Interview with Commandant

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Federal News Radio has an interview with the Commandant. There is a short written summary here or you can listen to it on their page or above. Some interesting developments with regard to drug interdiction in the Eastern Pacific. Sea story about actual employment of a sea based Unmanned Air System.

Interestingly he again refers to Russia arming Icebreakers so I think perhaps we may see some movement to arm or at least make provision for arming our new icebreakers.

3 thoughts on “Interview with Commandant

  1. The only armed icebreakers Russia is going to have in the near future are Ilya Muromets (Project 21180 auxiliary icebreaker; “fitted for but not with” a deck gun and, reportedly, containerized Club-K cruise missiles) and the Ivan Papanin -class (Project 23550 patrol vessel; 76 mm deck gun, Club-K cruise missiles and potentially something else). While Project 23550 is apparently designed as a naval vessel at least from the outside, based on the drawings Project 21180 is a “militarized” civilian vessel with limited “combat survivability”. Both vessels have relatively low independent icebreaking capability, reportedly about 1 m (3.3 ft). All the heavier icebreakers are purely civilian vessels – they don’t even have space reservations for weapon systems.

    Of course, if you believe the marketing material, you can fit the containerized Club-K cruise missiles on anything that floats…

    • My own feeling is that we should have at least the capability of adding robust self defense capability similar to that we have on other important naval auxiliaries including LPD which currently have SeaRAM and 30mm.

      On the other hand the Russians putting missiles and guns on a small number of small icebreakers does not add a lot to their already impressive ability to wage war in the Arctic. Missile carrying submarines and aircraft are much more important.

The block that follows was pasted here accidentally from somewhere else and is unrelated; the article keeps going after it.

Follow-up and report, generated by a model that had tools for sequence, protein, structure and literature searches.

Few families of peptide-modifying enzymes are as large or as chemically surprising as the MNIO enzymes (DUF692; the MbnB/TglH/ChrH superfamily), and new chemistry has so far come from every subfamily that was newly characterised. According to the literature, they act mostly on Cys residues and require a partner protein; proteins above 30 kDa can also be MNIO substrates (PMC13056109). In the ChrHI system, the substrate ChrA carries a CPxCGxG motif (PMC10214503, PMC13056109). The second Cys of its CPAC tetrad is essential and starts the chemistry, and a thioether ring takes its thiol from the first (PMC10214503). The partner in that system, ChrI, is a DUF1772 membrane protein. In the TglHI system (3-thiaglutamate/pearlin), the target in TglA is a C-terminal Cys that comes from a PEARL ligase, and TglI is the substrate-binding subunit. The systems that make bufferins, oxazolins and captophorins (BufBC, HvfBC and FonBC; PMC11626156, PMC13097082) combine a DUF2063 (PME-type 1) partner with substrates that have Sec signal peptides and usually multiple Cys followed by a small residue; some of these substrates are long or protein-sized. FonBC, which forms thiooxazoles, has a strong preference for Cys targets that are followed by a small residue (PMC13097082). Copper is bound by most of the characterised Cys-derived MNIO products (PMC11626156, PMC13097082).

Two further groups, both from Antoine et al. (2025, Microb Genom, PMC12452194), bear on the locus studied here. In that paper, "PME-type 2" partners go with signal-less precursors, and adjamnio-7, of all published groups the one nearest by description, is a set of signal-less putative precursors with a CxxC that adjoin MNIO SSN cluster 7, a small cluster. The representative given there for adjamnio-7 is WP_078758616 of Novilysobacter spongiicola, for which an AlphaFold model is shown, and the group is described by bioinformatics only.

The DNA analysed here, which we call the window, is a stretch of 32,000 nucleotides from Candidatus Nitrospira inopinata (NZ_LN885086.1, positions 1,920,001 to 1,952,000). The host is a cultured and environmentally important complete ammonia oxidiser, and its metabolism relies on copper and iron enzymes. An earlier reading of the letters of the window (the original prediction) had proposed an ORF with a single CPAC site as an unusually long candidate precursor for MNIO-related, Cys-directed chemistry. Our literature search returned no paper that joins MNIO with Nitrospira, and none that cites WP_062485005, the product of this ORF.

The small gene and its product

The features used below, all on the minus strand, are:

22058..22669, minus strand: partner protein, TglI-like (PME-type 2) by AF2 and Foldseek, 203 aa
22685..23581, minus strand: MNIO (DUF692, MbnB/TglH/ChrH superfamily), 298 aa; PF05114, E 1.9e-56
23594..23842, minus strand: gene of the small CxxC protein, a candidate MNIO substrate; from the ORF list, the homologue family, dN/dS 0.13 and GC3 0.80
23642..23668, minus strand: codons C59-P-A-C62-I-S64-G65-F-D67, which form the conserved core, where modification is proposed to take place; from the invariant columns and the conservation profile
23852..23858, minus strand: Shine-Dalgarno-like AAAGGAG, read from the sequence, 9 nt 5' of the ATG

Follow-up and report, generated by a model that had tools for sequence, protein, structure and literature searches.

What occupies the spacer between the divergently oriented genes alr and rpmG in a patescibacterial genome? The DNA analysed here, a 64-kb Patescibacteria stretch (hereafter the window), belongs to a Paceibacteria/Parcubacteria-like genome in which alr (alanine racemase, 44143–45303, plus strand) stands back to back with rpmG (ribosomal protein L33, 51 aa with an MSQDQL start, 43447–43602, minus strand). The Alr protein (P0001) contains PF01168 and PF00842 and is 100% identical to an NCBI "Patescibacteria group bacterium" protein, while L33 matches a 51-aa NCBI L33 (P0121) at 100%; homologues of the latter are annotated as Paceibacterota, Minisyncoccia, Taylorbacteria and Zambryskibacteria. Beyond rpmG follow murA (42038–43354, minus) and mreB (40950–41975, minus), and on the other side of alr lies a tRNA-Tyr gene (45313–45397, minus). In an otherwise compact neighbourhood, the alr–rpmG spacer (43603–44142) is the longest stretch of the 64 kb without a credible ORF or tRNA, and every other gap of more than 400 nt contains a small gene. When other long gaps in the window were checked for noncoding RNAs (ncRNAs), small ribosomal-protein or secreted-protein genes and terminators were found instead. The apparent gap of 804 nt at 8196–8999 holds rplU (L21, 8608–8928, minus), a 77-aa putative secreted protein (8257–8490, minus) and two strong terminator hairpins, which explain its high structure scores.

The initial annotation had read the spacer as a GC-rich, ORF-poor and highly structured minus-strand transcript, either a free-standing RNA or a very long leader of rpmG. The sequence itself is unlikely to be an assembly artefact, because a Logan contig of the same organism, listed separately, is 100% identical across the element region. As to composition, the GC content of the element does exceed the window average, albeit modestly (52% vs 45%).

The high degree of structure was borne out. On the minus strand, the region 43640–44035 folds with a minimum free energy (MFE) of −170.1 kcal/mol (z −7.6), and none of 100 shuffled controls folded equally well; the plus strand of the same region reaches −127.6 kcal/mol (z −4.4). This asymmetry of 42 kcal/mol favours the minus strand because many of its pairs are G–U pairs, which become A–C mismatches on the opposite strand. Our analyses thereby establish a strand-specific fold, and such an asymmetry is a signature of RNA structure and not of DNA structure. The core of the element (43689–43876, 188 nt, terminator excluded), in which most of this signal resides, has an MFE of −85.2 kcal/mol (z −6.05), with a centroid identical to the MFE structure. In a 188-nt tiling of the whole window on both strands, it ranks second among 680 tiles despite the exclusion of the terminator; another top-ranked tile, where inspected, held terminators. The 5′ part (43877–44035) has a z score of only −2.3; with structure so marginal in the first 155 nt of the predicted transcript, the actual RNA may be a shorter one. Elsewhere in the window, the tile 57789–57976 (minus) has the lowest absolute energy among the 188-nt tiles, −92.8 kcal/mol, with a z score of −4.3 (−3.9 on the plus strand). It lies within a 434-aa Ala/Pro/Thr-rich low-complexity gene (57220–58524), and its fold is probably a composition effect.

• Obviously there are more qualified persons when it comes to assessing future USCG needs (present company included), so my comment was directed towards the repeated claims of Russia militarizing their vast icebreaker fleet. It’s true that the early Arktika-class nuclear-powered icebreakers (Arktika, Sibir, Rossiya and Sovietskiy Soyuz) could be converted to auxiliary cruisers with deck guns and CIWS, but the first four vessels of the class have been decommissioned and the two post-Soviet examples (Yamal and 50 Let Pobedy) were instead fitted for carrying tourists to the North Pole. The others were built as civilian vessels with no provisions whatsoever for installing military hardware and sensors. At most, they could act as platforms carrying “containerized” systems that would rely on external fire control, but that applies to pretty much everything capable of carrying a 40-foot shipping container.

        Of course, one could say it’s not the icebreaker one should be wary of, but the nuclear-powered battlecruiser following in its wake…

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